February Updates

Halfway through the month and two things became clear to me; the first is that I have been watching way too many shows on Netflix and the second is that I bought two sets of gym clothes and I have not done even one push-up this year.

I expected a sense of ‘shame on you’ with these two realizations but what I experienced was the intensity of intention. I’ll explain. I love watching Korean dramas, documentaries and animations on Netflix so much so that I find such a sense of joy and calm when I settle down to watch an episode after a long day at work or on Saturdays. On working out, this year I had set out to be more intentional and even set up a reminder and a workout plan. I haven’t adhered to both and I find myself stretching more often with ease, walking or just sleeping instead.

On reading: I am currently reading Tess of the D’Ubervilles by Tom Hardy.

I just downloaded 3 new titles to my Kindle app via Netgalley and these have to be some very beautiful covers.

On Writing: I haven’t written anything since January 25th 2022 and it’s not okay. I do not have the strength to keep asking why or keep jotting sentences that do not align with the novel that I should have completed last year.

Have a lovely weekend.

I look forward to watching the next two episodes of the following shows on Netflix: Twenty Five, Twenty One and Forecasting Love and Weather.

Dear Self

Right now:

I want you to say ‘yes’ to the things that:

  1. scare you
  2. challenge you
  3. frustrate you
  4. worry you

I want you to say ‘yes’ to them

Not because they are right,

Not because they are all there is to life,

I want you to say ‘yes’ because they are the things that hold you back,

The things that tell you how little you mean to the universe.

I want you to ‘listen to them,’ and then start the work of making peace with those beyond your control and resolving those that you can.

Dear Self, I want you to know thyself.

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Reading Arundhati Roy’s The God of Small Things

It’s 7:36pm and I am seated on the floor in this space I rent out in Mbita. The rain this morning brought with it some calm and chills and I am on my second cup of tea. Silver Spoon by BTS is playing as I write this and I am tempted to dance to it and sweat a little, shake off the cold, get rid of the socks and sweater.

I finally got to read The God of Small Things by Arundhati Roy. The book won the 1997 Booker Prize and has such a vast range of reviews that I could not help but have it on my wish list. Now that I have read it, let’s say that the Writer in me was challenged and in awe while the Reader enjoyed some bits and remains baffled by others.

First things first, I love works of fiction serve a table of contents. It’s like being invited to a buffet, and you can actually read the chapter titles and keep it going. So, this one had me at that.

I love descriptions as a Writer and this is because I struggle with getting it to feel just as right as you read it, and when I come across a description that has me in my feelings then the Writer and Reader are both pleased. Two of such stand out for me, however before I share them, I will let you in on what the book explores. “The book explores the tragic fate of a family which “tampered with the laws that lay down who should be loved, and how.” There’s the grandmother Mammachi, her spoilt Angophile son, Chacko, daughter Ammu and her inseparable twins: Estha and Rahel, then the mother of all drama queens, manipulative as hell bundle of life in form of their aunt called Baby Kochamma.”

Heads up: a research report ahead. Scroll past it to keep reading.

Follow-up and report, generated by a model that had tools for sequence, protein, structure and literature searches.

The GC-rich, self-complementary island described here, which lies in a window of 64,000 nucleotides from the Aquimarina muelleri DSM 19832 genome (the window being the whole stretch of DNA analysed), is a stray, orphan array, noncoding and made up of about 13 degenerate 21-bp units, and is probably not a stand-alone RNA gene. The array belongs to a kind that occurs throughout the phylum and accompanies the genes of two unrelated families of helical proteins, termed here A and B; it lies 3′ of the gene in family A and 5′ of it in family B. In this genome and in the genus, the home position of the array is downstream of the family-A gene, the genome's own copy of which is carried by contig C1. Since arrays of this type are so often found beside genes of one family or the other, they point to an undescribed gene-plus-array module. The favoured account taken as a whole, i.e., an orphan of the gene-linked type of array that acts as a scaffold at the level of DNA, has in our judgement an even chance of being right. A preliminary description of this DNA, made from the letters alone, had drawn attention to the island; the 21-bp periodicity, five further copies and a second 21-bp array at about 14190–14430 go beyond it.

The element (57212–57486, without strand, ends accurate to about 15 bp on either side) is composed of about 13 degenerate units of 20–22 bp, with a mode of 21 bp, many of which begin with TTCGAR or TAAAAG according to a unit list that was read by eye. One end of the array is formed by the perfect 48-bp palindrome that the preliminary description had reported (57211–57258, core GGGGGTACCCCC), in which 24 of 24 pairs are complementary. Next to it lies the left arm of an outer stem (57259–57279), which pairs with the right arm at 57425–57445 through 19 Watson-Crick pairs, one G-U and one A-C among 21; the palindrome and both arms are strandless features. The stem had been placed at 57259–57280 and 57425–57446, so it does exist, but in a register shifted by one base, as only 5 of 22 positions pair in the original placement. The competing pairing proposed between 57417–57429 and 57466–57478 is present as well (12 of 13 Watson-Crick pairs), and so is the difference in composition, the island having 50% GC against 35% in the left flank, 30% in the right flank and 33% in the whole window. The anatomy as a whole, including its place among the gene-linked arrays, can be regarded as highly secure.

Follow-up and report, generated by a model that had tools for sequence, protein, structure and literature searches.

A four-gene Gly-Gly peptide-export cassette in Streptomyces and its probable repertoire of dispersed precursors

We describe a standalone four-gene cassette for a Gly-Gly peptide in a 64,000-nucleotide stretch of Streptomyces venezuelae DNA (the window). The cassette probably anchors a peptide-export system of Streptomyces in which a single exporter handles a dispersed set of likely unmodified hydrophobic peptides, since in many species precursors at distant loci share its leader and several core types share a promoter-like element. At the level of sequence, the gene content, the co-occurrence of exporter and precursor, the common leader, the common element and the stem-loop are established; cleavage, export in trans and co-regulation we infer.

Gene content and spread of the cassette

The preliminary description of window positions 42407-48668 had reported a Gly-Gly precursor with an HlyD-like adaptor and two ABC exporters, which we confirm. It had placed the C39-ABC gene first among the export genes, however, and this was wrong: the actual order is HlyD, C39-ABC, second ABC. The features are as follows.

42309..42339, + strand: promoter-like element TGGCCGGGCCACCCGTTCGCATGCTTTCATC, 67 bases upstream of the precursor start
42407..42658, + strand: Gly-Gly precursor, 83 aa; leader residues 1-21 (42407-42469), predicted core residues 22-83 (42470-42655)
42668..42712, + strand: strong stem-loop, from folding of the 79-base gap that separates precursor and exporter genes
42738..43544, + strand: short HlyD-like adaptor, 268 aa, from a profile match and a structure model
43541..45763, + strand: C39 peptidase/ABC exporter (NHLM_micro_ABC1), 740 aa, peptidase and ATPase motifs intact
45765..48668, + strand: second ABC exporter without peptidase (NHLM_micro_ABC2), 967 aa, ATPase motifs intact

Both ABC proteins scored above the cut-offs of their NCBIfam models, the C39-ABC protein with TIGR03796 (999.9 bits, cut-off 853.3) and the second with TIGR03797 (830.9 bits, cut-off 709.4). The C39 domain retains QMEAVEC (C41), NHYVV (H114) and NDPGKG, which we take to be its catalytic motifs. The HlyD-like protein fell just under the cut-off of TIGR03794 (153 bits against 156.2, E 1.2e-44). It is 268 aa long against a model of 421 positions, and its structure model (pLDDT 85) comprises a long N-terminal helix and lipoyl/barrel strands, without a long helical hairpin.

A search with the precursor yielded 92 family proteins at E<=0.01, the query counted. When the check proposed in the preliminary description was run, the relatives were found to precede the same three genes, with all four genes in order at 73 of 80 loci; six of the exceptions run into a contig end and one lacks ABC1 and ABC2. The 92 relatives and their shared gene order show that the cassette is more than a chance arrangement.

Now two phrases that got me in my feelings:

When Margaret Kochamma saw her little daughter’s body, shock swelled in her like phantom applause in an empty auditorium.

The second phrase:

Impelled by feelings that were primal yet paradoxically wholly impersonal. Feelings of contempt born of inchoate, unacknowledged fear, civilizations fear of nature, men’s fear of women, power’s fear of powerlessness. Men’s subliminal urge to destroy what he could neither subdue nor defy.

I am glad that I got to read this book and it’s got me on extreme ends of elation and disappointment. The characters were so well written that even the plot itself offered me surprises, twists and turns and more so driven by hidden desires of the characters- and frankly speaking this book wouldn’t get far without Baby Kochamma. That aunt pulled some stunts that only she could do. What I couldn’t fathom was why the twins; Rahel and Estha were presented as mysteries and this followed them all the way into adulthood- yet Rahel was pretty straightforward even as a child, always speaking her mind- thus earning her the title of the ‘thoughtless one.’

You can buy a copy on : Amazon

Here’s another reason that’d compel you to read this book:

Like Rain falling into the Sea

Look at the rain long enough, with no thoughts in your head, and you gradually feel your body falling loose, shaking free the world’s reality. Rain has the power to hypnotize.

Hajime, South of the Border, West of the Sun by Haruki Murakami

I spent three hours with this book in a bus this morning from Kisumu to Mbita. To the world woven by Hajime, of love, lust, decisions and young love and from the very first time he meets Shimamoto, he knows that she’s unforgettable.

He’s not a character you’d warm up to. It’s in his relationships with women that you could say he’s inconsiderate and selfish and as such ends up hurting the women he interacts with. However, it’s in Murakami’s style of writing that you cannot waver from reading the book to the end. And in a way, Hajime in peeling layer upon layer of the people in his life, perhaps finds the clarity of his own.

This book made me smile at the thought of rain in 186 pages.

Of his love and meeting with Shimamtoto twenty five years later, of the secrets she never let him unravel, of the grief she wore, the song It will Rain by Bruno Mars, is all I had in mind.